Saturday, November 14, 2009

Day 98 - The Flying Trapeze

November 14th, 2009

I write to you from a train heading up to Valhalla, NY. Just that sentence makes me think that you are my sweetheart, my love..and I write to you from the war. I digress. One of my best high school friends, Dana Lanier Schaffer,was diagnosed with Retinitis Pigmentosa (RP) , a degenerative retinal disease that is currently affecting her peripheral and night vision and will eventually lead to blindness. I’m meeting her for the VisionWalk--a 5K to raise funds to support research for RP other degenerative retinal diseases. I will write more about this experience tomorrow..I just want you to know my whereabouts at every moment. I like to check in.

As I am being transported, I am reminded of a 6 month period in 2007/2008 where I gave up my apartment and basically lived on the road. I was seeking some type of life change and spent that time traveling around to workshops that I was teaching, living with my then boyfriend and reconnecting with friends and family all over the country.

While this was a unique a lead to some major exhaustion. Life on the road(love that phrase) results with the unavoidable reality that I utilized every type of transportation imaginable…planes, trains, automobiles, bikes, subways, my feet, horse and buggies, flying carpets and magical unicorns. I have to admit, with so much uncertainly, it was often during my transit that I felt most at peace. There was something very cathartic and real about just being in the moment as I bounced from on locale to the next. These moments ended up being rather rejuvenating and offered me the opportunities to gain some insight and clarity.

I really didn’t have any other option than to just “be” as I was being moved from one location to the next. I have included a short piece below called “The Flying Trapeze”. The author is unknown. I read it at the end of my Humor for Health Workshops because this art form is only effective when participants are committed to allowing themselves to still their minds and be in the only thing that’s real, the present.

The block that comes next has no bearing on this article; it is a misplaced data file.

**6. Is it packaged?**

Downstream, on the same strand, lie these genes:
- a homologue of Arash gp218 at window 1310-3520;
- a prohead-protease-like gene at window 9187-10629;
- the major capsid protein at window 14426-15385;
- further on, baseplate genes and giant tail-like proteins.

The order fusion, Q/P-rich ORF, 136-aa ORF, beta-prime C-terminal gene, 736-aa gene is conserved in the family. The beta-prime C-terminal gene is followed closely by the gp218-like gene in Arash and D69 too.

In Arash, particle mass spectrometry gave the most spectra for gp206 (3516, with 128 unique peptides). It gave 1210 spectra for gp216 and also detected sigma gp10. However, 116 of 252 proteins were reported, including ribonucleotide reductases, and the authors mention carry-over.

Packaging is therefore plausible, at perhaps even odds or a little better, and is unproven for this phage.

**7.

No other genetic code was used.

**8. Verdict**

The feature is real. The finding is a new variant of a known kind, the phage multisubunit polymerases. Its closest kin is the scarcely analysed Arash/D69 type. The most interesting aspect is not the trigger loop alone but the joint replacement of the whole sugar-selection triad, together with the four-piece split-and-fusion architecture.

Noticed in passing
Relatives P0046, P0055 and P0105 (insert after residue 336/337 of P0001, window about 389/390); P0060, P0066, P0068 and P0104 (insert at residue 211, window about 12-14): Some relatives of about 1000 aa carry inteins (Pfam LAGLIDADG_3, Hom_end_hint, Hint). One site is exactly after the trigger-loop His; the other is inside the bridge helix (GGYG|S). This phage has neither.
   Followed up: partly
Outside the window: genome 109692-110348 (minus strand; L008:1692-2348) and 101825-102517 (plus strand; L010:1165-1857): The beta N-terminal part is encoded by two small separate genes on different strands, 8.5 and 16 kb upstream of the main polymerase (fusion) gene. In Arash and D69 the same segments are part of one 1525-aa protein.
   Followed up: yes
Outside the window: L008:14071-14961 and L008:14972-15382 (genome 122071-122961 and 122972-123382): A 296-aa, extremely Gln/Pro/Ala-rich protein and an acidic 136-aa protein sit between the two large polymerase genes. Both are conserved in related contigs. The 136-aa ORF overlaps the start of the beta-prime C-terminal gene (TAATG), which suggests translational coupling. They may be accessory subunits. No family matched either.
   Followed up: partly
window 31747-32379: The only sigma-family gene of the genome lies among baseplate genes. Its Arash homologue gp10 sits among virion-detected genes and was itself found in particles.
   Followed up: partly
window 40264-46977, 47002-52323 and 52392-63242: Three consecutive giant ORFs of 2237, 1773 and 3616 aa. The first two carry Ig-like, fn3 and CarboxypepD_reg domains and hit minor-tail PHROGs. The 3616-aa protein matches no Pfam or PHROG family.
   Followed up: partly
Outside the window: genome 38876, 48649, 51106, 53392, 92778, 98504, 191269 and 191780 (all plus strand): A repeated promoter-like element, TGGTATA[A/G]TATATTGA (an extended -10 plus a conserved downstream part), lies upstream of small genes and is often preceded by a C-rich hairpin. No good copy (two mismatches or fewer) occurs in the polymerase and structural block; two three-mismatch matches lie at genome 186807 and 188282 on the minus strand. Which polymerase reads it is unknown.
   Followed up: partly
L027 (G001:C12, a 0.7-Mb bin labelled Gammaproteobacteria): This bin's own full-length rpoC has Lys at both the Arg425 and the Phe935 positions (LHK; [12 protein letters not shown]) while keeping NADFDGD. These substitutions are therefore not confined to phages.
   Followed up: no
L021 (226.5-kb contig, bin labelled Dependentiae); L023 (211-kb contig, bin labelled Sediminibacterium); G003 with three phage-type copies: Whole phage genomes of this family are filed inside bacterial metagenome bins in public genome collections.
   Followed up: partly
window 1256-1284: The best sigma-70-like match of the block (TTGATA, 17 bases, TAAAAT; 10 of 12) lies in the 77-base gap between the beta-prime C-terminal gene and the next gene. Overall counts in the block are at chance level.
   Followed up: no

Sometimes I feel that my life is a series of trapeze swings. I'm either hanging onto a trapeze bar swinging along or, for a few moments, I'm hurtling across space in between bars.

Most of the time I'm hanging on for dear life to my trapeze bar of the moment. It carries me along at a certain steady rate of swing and I have the feeling that I'm in control of my life. I know most of the right questions and even some of the right answers. But once in a while as I'm merrily swinging along, I look ahead of me into the distance and I see another bar swinging towards me. It's empty and I know, in that place in me that knows, that this new trapeze bar has my name on it. It is my next step, my growth, my aliveness coming to get me. In my heart-of- hearts, I know that for me to grow, I must release my grip on the present, well-known bar to move to the new one.

Each time it happens, I hope – no I pray – that I won't have to grab the new trapeze bar. But in my knowing place I realize that I must totally release my grasp on my old bar and for sometime I must hurtle across space before I can grab onto the new bar. Each time I am filled with terror. It doesn't matter that in all my previous hurtles across the void of unknowing, I have always made it. Each time I am afraid I will miss -that I will be crushed on unseen rocks in the bottomless chasm between the bars. But I do it anyway. Perhaps this is the essence of what the mystics call the faith experience. No guarantees, no net, no insurance policy, but you do it anyway because somehow, to keep hanging onto that old bar is no longer an alternative. And so for an eternity that can last a microsecond or a thousand lifetimes, I soar across the dark void of "the past is gone, the future is not yet here." It is called transition. I have come to believe that it is the only place that real change occurs.

I have noticed that in our culture this transition zone is looked upon as a nothing - a no-place between places. Surely the old trapeze bar was real and that new one coming towards me, I hope that's real, too. But the void in between? That's just a scary, confusing, disorienting "nowhere" that must be gotten through as fast and as unconsciously as possible. What a waste! I have a sneaking suspicion that the transition zone is the only real thing, and that the bars are illusions we dream up to avoid the void where the real change, the real growth, occurs for us. Whether or not my hunch is true, it remains that the transition zones in our lives are incredibly rich places. They should be honored - even savored. Even with all the pain and fear and feelings of being out-of-control that can accompany transitions, they are still the most alive, most growth filled, most passionate, most expansive moments in our lives.

And so, transformation of fear may have nothing to do with making fear go away, but rather with giving ourselves permission to "hang out" in the transition between trapeze bars. Transforming our need to grab that new bar...any allowing ourselves to dwell in the only place where change really happens. It can be terrifying. It can also be enlightening, in the true sense of the word. Hurtling through the void --we just may learn how to fly. -Author Unknown

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